These general notions of property were then sufficient to answer all the purposes of human life; and might perhaps still have answered them, had it been possible for mankind to have remained in a state of primeval simplicity: as may be collected from the manners of many American nations when first discovered by the Europeans; and from the ancient method of living among the first Europeans themselves, if we may credit either the memorials of them preserved in the golden age of the poets, or the uniform accounts given by his torians of those times wherein erant omnia communia et indivisa omnibus, veluti unum cunctis patrimonium esset. Not that this communion of goods seems ever to have been applicable, even in the earliest ages, to aught but the substance of the
1 Gen. i. 28.
2 Justin. 1. 43. c. 1.
thing; nor could be extended to the use of it. For by the law of nature and reason, he who first began to use it acquired therein a kind of transient property, that lasted so long as he was using it, and no longer3: or, to speak with greater precision, the right of possession continued for the same time only that the act of possession lasted. Thus the ground was in common, and no part of it was the permanent property of any man in particular: yet whoever was in the occnpation of any determinate spot of it, for rest, for shade, or the like, acquired for the time a sort of ownership, from which it would have been unjust, and contrary to the law of nature, to have driven him by force; but the instant that he quitted the use or occupation of it, another might seize it without injustice. Thus also a vine or other tree might be said to be in common, as all men were equally entitled to its produce; and yet any private individual might gain the sole property of the fruit, which he had gathered for his own repast. A doctrine well illustrated by Cicero, who compares the world to a great theatre, which is common to the public, and yet the place which any man has taken is for the time his own 4.
But when mankind increased in number, craft, and ambition, it became necessary to entertain conceptions of more permanent dominion; and to appropriate to individuals, not the immediate use only, but the very substance of the thing to be used. Otherwise innumerable tumults must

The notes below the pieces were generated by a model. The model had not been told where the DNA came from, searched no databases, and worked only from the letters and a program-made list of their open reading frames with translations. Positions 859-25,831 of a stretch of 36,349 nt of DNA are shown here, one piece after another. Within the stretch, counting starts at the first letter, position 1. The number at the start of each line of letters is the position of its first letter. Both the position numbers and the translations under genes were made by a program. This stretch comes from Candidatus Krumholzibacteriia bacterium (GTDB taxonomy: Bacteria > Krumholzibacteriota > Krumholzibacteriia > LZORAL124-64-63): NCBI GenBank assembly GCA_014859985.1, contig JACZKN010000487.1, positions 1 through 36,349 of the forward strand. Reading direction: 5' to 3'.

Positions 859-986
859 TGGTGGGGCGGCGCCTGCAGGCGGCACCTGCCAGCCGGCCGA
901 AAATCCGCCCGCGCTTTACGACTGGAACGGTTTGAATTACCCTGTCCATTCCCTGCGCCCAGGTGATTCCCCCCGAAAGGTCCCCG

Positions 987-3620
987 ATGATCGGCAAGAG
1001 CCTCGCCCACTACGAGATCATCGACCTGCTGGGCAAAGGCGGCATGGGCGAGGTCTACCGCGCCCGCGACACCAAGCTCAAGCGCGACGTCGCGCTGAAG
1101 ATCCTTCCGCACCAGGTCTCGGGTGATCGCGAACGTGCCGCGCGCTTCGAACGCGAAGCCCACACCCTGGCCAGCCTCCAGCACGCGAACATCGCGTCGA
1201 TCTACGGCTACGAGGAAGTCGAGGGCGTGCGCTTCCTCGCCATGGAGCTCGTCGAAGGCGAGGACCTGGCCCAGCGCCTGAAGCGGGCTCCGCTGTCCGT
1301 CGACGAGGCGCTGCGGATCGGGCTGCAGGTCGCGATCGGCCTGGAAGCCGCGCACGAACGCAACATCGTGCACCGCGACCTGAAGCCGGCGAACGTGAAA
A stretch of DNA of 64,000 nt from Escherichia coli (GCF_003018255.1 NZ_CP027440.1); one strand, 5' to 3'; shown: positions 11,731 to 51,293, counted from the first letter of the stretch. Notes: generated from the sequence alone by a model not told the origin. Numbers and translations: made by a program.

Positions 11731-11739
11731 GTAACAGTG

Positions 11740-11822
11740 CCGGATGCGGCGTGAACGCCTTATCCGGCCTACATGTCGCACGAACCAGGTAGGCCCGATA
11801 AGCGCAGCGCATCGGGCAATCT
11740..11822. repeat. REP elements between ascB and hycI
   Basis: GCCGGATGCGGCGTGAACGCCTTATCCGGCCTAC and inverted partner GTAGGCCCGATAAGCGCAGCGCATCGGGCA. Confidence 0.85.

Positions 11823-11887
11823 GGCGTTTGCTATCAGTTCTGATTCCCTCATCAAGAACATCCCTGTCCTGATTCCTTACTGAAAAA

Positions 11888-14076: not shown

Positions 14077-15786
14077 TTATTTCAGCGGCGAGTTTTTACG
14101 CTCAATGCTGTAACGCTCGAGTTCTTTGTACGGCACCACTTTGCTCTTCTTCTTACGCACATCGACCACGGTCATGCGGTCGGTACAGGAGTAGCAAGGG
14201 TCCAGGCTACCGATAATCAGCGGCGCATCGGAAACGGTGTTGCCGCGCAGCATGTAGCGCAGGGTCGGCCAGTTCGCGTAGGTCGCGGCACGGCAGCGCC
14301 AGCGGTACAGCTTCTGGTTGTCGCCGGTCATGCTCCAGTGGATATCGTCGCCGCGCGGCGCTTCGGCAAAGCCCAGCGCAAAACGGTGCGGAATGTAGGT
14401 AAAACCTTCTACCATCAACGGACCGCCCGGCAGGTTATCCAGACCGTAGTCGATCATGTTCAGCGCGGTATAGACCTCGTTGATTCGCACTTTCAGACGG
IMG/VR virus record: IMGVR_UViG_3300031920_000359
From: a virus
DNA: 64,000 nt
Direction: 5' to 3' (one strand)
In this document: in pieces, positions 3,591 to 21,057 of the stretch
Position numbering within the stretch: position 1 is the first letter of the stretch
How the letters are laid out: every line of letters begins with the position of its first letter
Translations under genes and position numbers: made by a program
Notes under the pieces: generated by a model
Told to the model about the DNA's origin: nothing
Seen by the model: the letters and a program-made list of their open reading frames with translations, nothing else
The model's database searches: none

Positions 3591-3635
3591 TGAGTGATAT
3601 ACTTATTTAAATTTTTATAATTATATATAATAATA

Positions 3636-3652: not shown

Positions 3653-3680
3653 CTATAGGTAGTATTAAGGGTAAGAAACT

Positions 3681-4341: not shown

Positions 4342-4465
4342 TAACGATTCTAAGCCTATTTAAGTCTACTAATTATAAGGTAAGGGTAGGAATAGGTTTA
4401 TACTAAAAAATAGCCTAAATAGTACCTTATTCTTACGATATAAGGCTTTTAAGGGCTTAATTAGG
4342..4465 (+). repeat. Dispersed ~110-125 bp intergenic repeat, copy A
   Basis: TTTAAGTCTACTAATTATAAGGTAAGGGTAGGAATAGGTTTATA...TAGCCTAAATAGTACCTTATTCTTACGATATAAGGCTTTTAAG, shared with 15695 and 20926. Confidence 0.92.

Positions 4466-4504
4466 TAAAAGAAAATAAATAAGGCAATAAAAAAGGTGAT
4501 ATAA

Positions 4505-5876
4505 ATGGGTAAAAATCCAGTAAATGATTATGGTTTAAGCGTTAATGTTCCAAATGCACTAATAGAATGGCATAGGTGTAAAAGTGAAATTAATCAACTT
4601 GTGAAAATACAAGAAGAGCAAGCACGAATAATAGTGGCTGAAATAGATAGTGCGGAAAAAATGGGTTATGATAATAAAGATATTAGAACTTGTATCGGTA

3 Barbeyr. Puff. 1. 4. c. 4.
4 Quem admodum theatrum, cum commune, sit recte, tamen dici potest, ejus esse euin locum quem quisque occuparit. De Fin. 1. 3. c. 26.
have arisen, and the good order of the world been continually broken and disturbed, while a variety of persons were striving who should get the first occupation of the same thing, or disputing which of them had actually gained it. As human life also grew more and more refined, abundance of conveniences were devised to render it more easy, commodious, and agreeable; as, habitations for shelter and safety, and raiment for warmth and decency. But no man would be at the trouble to provide either, so long as he had only an usufructuary property in them, which was to cease the instant that he quitted possession;-if, as soon as he walked out of his tent, or pulled off his garment, the next stranger who came by would have a right to inhabit the one, and to wear the other. In the case of habitations, in particular, it was natural to observe, that even the brute creation, to whom every thing else was in common, maintained a kind of permanent property in their dwellings, especially for the protection of their young; that the birds of the air had nests, and the beasts of the field had caverns, the invasion of which they deemed a very flagrant injustice, and would sacrifice their lives to preserve them. Hence a property was soon established in every man's house and homestall; which seem to have been originally mere temporary huts or moveable cabins, suited to the design of Providence for more speedily peopling the earth, and suited to the wandering life of their owners, before any extensive property in the soil or ground was established. And there can be no doubt, but that moveables of every kind became sooner appropriated than the permanent substantial soil; partly